- Other services
Cost-effectiveness of the restoration measures
Other criteria

Please specify

Our submission:

The law must exclusively cover restoration of ecological functions and connectivity of habitats and promote natural ecosystem dynamics, with a main focus on ecosystems with significant carbon storage and adaptation potential.

Please specify

Our submission:

Focus must be on fundamental land and sea use change that can put nature on a path towards sustaining ‘high quality’. Improvements of productive systems like agriculture, soil, commercial forestry or fishing should be tackled by other legislation.

Our rationale:

The state of nature is extremely alarming. Legislation enabling the large-scale restoration of high-quality nature to bring back the ecological functions of habitats and their potential for climate adaptation and mitigation would be a real game-changer in Europe.

For this purpose, we need a focused legislative tool that leads to transformative change in land and sea use and makes the restoration of biodiversity and carbon and biodiversity rich habitats such as wetlands (including coastal wetlands and floodplains), peatlands, grasslands, forests, rivers and marine ecosystems legally binding.

Based on what science tells us, the priority of this law should be to quickly bring nature back, restoring the natural processes of these habitats. and This would also come with enormous knock-on benefits by bringing back a wide range of ecosystem services and associated species such as pollinators.

• In the above table, we have followed this logic by identifying ‘nutrient cycling’, ‘soil fertility’, ‘gene pool maintenance’ and ‘pest and disease control’ as low-priority for the restoration law, as this should not be the direct focus for this specific tool (although the above will be indirect benefits).
In the Biodiversity Strategy, the EU promised to improve agriculture and forestry practices to make them more nature-friendly and this should indeed be the priority of other legislative instruments such the new CAP, the reviewed Sustainable Use (of pesticides) Directive, the Forest Strategy, new legislation on soil protection, etc.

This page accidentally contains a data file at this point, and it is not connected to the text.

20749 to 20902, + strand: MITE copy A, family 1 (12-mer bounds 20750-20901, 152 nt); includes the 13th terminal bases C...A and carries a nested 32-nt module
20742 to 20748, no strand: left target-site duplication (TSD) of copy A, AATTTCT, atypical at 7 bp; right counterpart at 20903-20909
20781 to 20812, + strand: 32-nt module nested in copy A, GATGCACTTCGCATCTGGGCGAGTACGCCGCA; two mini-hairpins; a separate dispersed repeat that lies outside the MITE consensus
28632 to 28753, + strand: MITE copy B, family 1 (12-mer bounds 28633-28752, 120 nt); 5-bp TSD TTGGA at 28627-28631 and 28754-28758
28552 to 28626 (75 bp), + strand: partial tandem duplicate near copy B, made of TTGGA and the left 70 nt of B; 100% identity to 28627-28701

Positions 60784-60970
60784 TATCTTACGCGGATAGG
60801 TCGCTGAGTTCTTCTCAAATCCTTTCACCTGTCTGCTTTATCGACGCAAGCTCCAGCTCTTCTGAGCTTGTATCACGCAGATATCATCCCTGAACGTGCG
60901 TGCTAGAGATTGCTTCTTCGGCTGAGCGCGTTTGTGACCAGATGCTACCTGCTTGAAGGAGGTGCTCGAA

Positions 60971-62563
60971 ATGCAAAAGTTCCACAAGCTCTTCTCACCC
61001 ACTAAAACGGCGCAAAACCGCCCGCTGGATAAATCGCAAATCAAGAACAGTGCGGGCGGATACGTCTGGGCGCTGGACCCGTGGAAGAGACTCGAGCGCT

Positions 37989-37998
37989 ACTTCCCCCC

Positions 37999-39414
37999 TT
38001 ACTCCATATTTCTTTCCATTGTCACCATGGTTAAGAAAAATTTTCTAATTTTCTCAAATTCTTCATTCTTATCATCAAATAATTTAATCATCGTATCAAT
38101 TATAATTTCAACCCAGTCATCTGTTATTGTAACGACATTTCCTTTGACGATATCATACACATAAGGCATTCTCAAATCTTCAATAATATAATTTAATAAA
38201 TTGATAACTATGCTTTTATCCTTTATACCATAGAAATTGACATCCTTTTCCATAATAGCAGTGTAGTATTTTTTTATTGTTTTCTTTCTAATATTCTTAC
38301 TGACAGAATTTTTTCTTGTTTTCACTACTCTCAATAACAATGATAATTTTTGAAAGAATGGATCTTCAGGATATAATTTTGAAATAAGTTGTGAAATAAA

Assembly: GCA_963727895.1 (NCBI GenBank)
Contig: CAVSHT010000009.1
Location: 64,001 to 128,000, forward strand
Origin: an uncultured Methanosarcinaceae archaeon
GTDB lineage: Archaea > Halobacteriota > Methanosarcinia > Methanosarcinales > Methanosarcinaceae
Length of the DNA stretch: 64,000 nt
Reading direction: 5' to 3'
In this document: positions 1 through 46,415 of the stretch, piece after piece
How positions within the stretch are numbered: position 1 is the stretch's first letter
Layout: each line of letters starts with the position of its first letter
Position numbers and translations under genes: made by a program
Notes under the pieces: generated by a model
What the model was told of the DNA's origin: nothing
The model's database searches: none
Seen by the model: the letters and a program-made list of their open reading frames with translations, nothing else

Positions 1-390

• If we want the restoration law to be implementable, it should not be turned into a universal tool that tries to address all environmental issues together and provides a range of definitions on what is being considered to be ‘sustainable use’ . Instead, the law must focus on fundamental land and sea use change aiming at “giving back space to nature” at a landscape level. There are many more things that need to be done for nature and we are arguing for them in other policy debates. Through this consultation, we are also calling on the Commission to develop a tool that resets our relationship with nature. That is why the Commission should not focus on the “multi-functionality of ecosystems” as a priority (we picked “low priority”) as this risks muddling the message and would allow many sectors to claim that their economic activities contribute to the “multifunctionality”. The reality is that almost the entire land and sea area in Europe is heavily and unsustainably exploited by humans. This law should force a modest step back where we give back some “breathing space” to nature, also so that it can provide us with all the ecosystem services we depend on for our health and wellbeing.
• Moreover, the methodology currently used to assess ecosystem services at EU level is not yet ready to be used as the scientific basis for this law and would require long secondary processes that would create further implementation delays. The state of nature is such that we need rapid action now rather than the start of more protracted processes. The EU should further develop its work on ecosystem services and this can inform the implementation of the restoration law. But restoration targets should be based on clear land, river, and sea targets and concrete management change measures that are easy to understand, implement and enforce.

4.    Restoration is the process of assisting the recovery of an ecosystem that has been degraded, damaged, or destroyed. Restoration targets may be set in a number of different ways. They can relate to incremental improvements of ecosystem condition or to reaching good condition; to a percentage of EU area or a specified extent of ecosystems on which restoration activities should take place. The restoration commitments of the EU Biodiversity Strategy for 2030 include such different approaches. In your view, should EU restoration targets be set as (multiple answers possible):